Dragon Heat and The Viral Factor

Two Hong Kong action flicks edited by Chung Wai-Chiu, a fact I only bring up because one of them was so shockingly edited we had to IDMB the editor afterwards. Here we go …

Dragon Heat

A Hong Kong action movie staring Michael Biehn! What could go wrong?

… a lot. Luckily, this was the kind of movie that was hilarious while it was being awful. It suffered from an excess of characters (six good guys, plus miscellaneous cops to serve as canon-fodder; four bad guys on one team, two bad guys on another, plus miscellanous flunkies and an ex-girlfriend). The movie did make an effort to introduce most of them … with little introduction cards and characteristic dramatic shots. (The characteristic dramatic shots get used again whenever a character does something especially cool.) There were also title cards for each ‘chapter’ of the movie.

Dragon Heat is one of the most incoherently edited films I have ever scene. If you can think of an editing technique, it’s in here. (At one point, L asked me why I was complaining about a bizarrely placed fade when we’d just crosscut between the present-day action scene and a black-and-white clip of the character’s signature dramatic shot. The answer is, because it was just another unnecessary thing.)

At first, L and I were impressed that the bad guys were actually decent shots – but it turned out that only applied to people other than our heroes. We were told – in the introductions, and in a particularly memorable scene featuring a duck-shooting game – that our heroes were good shots, but we never saw any evidence of this outside of the duck-shooting game. (Later, there is a close-range sniper battle!)

There was also a cringe-worthy moment when the only woman on our team of heroes actually killed one of the bad guys (no-one had managed it till then; you have to pretend it’s a cop’s job to kill bad guys to watch this movie) and she takes a moment to smile goofily at the team sniper who has a crush on her. They have a *moment*.

… and then Nikita shoots her in the head.

(I’m kidding, it’s not Nikita. It’s Maggie Q playing a much less competent female assassin! And being wasted in general.)

The rest of the team get a little moment of bonding-in-grief, and we move on. Luckily, she wasn’t one of the characters we were expected to care about.

Sadly, I don’t think I ever managed to care about any of them. Which, given the size of the cast, isn’t really a surprise.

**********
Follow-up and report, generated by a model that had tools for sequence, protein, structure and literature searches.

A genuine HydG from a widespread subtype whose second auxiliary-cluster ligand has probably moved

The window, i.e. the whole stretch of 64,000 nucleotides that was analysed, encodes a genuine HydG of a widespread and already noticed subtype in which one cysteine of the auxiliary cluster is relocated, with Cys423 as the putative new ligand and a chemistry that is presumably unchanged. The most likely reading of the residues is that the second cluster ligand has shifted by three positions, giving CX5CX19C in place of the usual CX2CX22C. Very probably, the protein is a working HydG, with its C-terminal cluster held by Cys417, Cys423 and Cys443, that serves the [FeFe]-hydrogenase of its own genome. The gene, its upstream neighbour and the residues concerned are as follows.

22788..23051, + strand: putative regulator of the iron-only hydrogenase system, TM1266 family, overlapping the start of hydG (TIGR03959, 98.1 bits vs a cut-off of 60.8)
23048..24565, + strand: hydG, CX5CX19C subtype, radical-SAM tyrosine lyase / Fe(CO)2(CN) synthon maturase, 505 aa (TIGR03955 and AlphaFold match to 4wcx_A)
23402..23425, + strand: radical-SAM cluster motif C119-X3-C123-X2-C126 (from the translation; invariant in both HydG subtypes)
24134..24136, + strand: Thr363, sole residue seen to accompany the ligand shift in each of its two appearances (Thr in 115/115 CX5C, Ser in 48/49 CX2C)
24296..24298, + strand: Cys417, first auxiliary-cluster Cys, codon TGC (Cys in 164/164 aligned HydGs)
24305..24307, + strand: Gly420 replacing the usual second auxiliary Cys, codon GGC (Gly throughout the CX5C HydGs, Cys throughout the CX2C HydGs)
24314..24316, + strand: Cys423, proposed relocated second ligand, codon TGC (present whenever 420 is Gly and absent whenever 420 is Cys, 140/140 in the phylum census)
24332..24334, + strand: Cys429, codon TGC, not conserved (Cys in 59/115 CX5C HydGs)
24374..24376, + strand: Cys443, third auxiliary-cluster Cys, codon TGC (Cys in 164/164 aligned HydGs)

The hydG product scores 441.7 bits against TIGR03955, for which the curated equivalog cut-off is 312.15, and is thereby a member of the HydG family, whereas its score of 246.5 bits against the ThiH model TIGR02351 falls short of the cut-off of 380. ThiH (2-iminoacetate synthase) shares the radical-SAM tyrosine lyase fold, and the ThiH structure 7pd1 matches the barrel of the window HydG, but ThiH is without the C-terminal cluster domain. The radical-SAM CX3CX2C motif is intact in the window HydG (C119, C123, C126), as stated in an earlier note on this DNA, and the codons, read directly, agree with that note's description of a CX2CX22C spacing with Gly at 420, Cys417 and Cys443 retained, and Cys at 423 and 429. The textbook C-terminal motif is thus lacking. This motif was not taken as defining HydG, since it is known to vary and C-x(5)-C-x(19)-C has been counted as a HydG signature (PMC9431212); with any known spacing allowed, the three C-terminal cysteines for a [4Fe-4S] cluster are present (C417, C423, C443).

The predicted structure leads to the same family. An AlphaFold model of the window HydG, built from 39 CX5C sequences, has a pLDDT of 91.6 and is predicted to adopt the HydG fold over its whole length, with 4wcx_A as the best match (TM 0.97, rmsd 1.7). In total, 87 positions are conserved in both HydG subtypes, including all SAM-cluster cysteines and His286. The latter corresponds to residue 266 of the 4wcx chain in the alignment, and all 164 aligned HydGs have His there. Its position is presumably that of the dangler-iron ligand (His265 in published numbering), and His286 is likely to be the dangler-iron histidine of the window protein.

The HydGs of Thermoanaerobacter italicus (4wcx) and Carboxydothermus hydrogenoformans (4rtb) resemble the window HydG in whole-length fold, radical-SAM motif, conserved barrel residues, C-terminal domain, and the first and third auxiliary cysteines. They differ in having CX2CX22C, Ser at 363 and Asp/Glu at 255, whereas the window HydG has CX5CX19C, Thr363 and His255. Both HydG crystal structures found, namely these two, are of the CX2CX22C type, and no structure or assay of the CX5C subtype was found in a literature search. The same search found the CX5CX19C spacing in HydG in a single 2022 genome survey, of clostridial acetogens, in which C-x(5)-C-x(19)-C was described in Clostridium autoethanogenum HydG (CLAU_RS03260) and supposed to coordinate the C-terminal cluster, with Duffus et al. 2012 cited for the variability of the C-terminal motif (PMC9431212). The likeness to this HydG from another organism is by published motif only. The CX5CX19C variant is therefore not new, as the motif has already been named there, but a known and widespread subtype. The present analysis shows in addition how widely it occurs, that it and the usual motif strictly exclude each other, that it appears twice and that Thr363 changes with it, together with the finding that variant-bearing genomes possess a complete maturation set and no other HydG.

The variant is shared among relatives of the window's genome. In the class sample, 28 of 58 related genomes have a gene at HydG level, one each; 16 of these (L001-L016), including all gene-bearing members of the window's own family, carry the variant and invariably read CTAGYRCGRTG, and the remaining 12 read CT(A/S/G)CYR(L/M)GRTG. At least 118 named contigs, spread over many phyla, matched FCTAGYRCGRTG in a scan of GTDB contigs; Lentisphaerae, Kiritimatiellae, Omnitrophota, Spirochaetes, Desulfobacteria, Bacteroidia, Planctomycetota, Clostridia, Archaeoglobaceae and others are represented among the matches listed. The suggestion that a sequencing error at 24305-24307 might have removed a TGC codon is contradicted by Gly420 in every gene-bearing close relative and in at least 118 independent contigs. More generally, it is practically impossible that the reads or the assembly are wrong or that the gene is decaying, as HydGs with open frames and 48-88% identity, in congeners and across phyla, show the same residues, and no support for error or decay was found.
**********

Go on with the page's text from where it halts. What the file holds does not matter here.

The Viral Factor

I watched this while I was in Malaysia, but it turns out it was edited by the same guy who edited Dragon Heat, so I feel like I should talk about it now. Unlike Dragon Heat, this movie seemed competently edited.

This is one of the many movies I watched while I was in Malaysia; I’m talking about it now because turns out it was edited by the same guy who edited Dragon Heat. This surprised me, because The Viral Factor seemed competently edited.

The Viral Factor is the sort of movie that is competent without ever achieving anything greater. The region 4 DVD case is misleading – it makes the movie seem far more action-y than it actually is. Which isn’t to say there’s no action, but at its heart this is a drama about two brothers on opposite sides of the law. It wasn’t until I realised that that I actually started to enjoy the movie.

The action plotline was the least memorable part – someone had manufactured a virus in order to make money selling the vaccines; Jay Chou had to stop it. Also Jay Chou was dying. Also he’d just been reunited with his estranged gambling addict father and criminal brother, and met his criminal brother’s adorable daughter. Awkward family bonding! Things resolved much as you’d expect them to, and I teared up at the end.

The only action scene that really stuck with me was the car chase, and that was for the wrong reasons. See, they were in KL at that point. And I’d just been in KL. More specifically, I’d just been in a KL traffic jam. And I had trouble suspending my disbelief that the roads would ever be that clear.

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